Here are the 10 least expensive private schools:

1. Berea College
Tuition and fees 2010-2011-$910
Cool fact: Berea College charges no tuition; every student is provided the equivalent of four-year, full-tuition scholarships and has to take part in a work-study.

2. Brigham Young University-Hawaii
Tuition and fees 2010-2011-$4,330
Cool fact: The university owns the Polynesian Cultural Center, the largest living museum in the state of Hawaii, which employs roughly one third of the student body.

3. Brigham Young University-Provo
Tuition and fees 2010-2011-$4,420
Cool fact: Stephenie Meyer, author of the Twilight series, is an alum.

4. Lane College
Tuition and fees 2010-2011-$8,000
Cool fact: Planning for the school had begun in 1878, but the school’s establishment was delayed by a yellow fever epidemic in the region in 1878.

5. Life University
Tuition and fees 2010-2011-$8,622
Cool fact: Life University remains the largest school in the chiropractic profession.

6. Blue Mountain College
Tuition and fees 2010-2011-$8,870
Cool fact: The college officially became co-educational in 2005.

7. Park University
Tuition and fees 2010-2011-$8,898
Cool fact: The original concept called for students to get free tuition and board in exchange for working up to half day in the college’s farm, electrical shop or printing plant.

8. Mountain State University
Tuition and fees 2010-2011-$9,000
Cool fact: The university has gone through 3 name changes: Beckley College, The College of West Virginia and now, Mountain State University.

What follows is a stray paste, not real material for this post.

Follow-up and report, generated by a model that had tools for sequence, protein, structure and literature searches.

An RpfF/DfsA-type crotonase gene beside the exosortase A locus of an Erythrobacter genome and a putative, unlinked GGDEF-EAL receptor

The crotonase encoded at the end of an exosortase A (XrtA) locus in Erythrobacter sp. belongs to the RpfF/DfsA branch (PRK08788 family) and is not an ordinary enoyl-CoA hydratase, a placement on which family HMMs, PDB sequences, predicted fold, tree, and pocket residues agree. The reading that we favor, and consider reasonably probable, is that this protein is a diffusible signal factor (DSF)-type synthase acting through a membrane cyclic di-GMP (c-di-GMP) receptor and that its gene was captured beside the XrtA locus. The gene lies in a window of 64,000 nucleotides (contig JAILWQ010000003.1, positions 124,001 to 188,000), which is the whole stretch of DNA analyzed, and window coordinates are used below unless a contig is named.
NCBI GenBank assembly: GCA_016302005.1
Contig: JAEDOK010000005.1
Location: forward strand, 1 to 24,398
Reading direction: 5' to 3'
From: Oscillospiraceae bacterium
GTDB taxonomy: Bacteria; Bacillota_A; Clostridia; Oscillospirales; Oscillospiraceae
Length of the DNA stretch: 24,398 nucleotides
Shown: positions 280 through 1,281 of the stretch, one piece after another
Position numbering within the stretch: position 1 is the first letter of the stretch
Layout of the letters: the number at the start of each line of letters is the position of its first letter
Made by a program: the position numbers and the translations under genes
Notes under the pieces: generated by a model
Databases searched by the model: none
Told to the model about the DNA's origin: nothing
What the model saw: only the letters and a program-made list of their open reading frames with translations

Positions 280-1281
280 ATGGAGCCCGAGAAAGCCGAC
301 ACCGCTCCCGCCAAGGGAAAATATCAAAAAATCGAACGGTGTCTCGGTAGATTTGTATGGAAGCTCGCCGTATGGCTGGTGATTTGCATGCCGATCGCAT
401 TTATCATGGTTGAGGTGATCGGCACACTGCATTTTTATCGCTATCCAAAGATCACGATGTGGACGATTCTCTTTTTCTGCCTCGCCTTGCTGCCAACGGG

9. Philander Smith College
Tuition and fees 2010-2011-$9,450
Cool fact: Philander Smith College was a pioneer during the civil rights movement as many of its students engaged in nonviolent resistance against segregation laws

10. Alice Lloyd College
Tuition and fees 2010-2011-$9,500
Cool fact: The college is one of two colleges in Kentucky–the other is Berea!–and one of eight in the nation–that have mandatory work-study programs.

Want to share your thoughts on this? Leave a comment!

The Best Colleges for Financial Aid

graduate piggyU.S. News & World Report recently published a report that only 63 colleges are actualy able to meet students’ full financial needs.  Financial need is the difference between tuition cost and a student’s expected family contribution as calculated by FAFSA or the institution itself.  That discrepancy is then made up by schools that claim to meet full need through grants and loans.

Students also spend hours searching for college scholarships to fill that gap to pay for college.

Here is was U.S. News & World Report said about the Best Colleges for Financial Aid:

During the recent recession, numerous schools striving to meet the full financial needs of students were unable to do so because of shrinking endowments, dwindling donations, and sharp decreases in state funding. Though the economic recovery is far from over, some schools are now able to offer more than they have in the past…

…[Sixty-three] schools out of more than 1,700 surveyed by U.S. News that claim to meet their students’ full financial need. All schools listed report that they meet 100 percent of need for all students. Several schools including Vanderbilt University and Johns Hopkins University were a few percentage points shy of meeting full need, but were not included in the table:

Amherst College
Barnard College
Bates College
Boston College